Tapping the great market opportunity of the unlisted 30%!
Forbes is popular for listing down India’s richest people publishing their amassed wealth based on public documents and the share value of their publicly traded companies. This is all official. But if we refer to India’s parallel economy contributing up to 30% of the GDP, then we have a huge segment of non-official billionaires who aren’t really on the list.
It is interesting to observe that no one gets into politics to gain money and yet politicians and bureaucrats take position as some of the most moneyed figures over the globe. The only difference in India is that they go largely unlisted. And so do some of the small-to-mid scale and large entrepreneurs that are part of this parallel economy in India.
It would be interesting to see if there could be a list of India’s wealthiest that includes these folks. It is implicit in India and generally known that politicians and bureaucrats are a big (and integral) part of this economy. If there was a way to bring this economy into the mainstream think of all the things that could be achieved! Financial services firms like ICICI, HDFC, Bajaj Capital, and others can come up with wealth management products for these privileged and unlisted people forming a rather huge base of prospective customers. These wealthy folks could also serve as angel investors and venture capitalists and promote innovation and entrepreneurship. Americans could tap into this bracket of unlisted folks that is keen on new avenues to invest their money by promoting the US investor category visa to these folks. Tourism experts in Maldives, Seycelles etc. that are marketing the sale of islands etc. could also look at this great segment of market.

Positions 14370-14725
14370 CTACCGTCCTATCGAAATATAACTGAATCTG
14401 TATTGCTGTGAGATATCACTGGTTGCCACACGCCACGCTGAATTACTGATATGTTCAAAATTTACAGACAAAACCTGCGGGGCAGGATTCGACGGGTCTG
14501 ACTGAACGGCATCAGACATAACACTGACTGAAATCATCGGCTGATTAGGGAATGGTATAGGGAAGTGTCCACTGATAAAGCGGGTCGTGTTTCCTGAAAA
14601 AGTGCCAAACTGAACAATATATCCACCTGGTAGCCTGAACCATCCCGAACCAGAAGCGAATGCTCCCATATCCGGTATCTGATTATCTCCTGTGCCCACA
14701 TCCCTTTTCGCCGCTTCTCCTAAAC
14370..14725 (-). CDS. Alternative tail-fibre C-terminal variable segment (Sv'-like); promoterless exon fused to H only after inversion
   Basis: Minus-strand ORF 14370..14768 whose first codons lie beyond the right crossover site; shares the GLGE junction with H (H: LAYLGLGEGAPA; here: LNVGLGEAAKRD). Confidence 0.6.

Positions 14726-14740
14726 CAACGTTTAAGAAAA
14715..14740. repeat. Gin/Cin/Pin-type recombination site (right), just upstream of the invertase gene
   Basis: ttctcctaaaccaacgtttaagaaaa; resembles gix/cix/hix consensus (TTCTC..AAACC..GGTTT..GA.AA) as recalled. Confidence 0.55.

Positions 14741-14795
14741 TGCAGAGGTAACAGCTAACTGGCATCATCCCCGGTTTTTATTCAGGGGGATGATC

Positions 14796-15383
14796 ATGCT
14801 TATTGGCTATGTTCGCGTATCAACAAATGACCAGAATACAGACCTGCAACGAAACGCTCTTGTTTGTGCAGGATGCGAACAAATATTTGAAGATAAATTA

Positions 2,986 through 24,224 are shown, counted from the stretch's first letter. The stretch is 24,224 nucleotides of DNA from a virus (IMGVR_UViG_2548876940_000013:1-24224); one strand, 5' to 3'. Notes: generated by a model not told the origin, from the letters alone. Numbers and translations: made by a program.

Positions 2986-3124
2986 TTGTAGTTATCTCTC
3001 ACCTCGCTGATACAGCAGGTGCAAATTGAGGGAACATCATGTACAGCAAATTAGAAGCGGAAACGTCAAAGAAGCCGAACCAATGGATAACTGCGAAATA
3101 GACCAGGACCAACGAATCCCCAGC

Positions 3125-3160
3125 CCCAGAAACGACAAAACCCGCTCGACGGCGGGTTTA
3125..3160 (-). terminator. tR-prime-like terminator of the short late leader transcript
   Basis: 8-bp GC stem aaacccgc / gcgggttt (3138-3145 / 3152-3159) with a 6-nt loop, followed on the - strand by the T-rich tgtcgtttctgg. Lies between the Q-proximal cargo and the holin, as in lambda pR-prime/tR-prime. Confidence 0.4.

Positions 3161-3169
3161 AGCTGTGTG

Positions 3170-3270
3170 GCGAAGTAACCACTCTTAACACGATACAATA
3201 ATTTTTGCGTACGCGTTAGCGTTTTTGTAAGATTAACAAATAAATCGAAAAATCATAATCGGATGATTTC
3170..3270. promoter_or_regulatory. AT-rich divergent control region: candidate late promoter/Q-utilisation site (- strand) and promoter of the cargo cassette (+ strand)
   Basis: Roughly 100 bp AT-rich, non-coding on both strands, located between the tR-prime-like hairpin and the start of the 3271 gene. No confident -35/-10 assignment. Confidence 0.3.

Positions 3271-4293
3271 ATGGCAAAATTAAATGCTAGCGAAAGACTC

If you have products or services that would make sense to these segments, feel free to share them.
Your thoughts are welcome.
Sanjay Puri has been working on Indian-American issues and facilitating stronger US-India relations through USINPAC (US India Political Action Committee) and AUSIB (Alliance for US India Business), two bipartisan organizations that he chairs.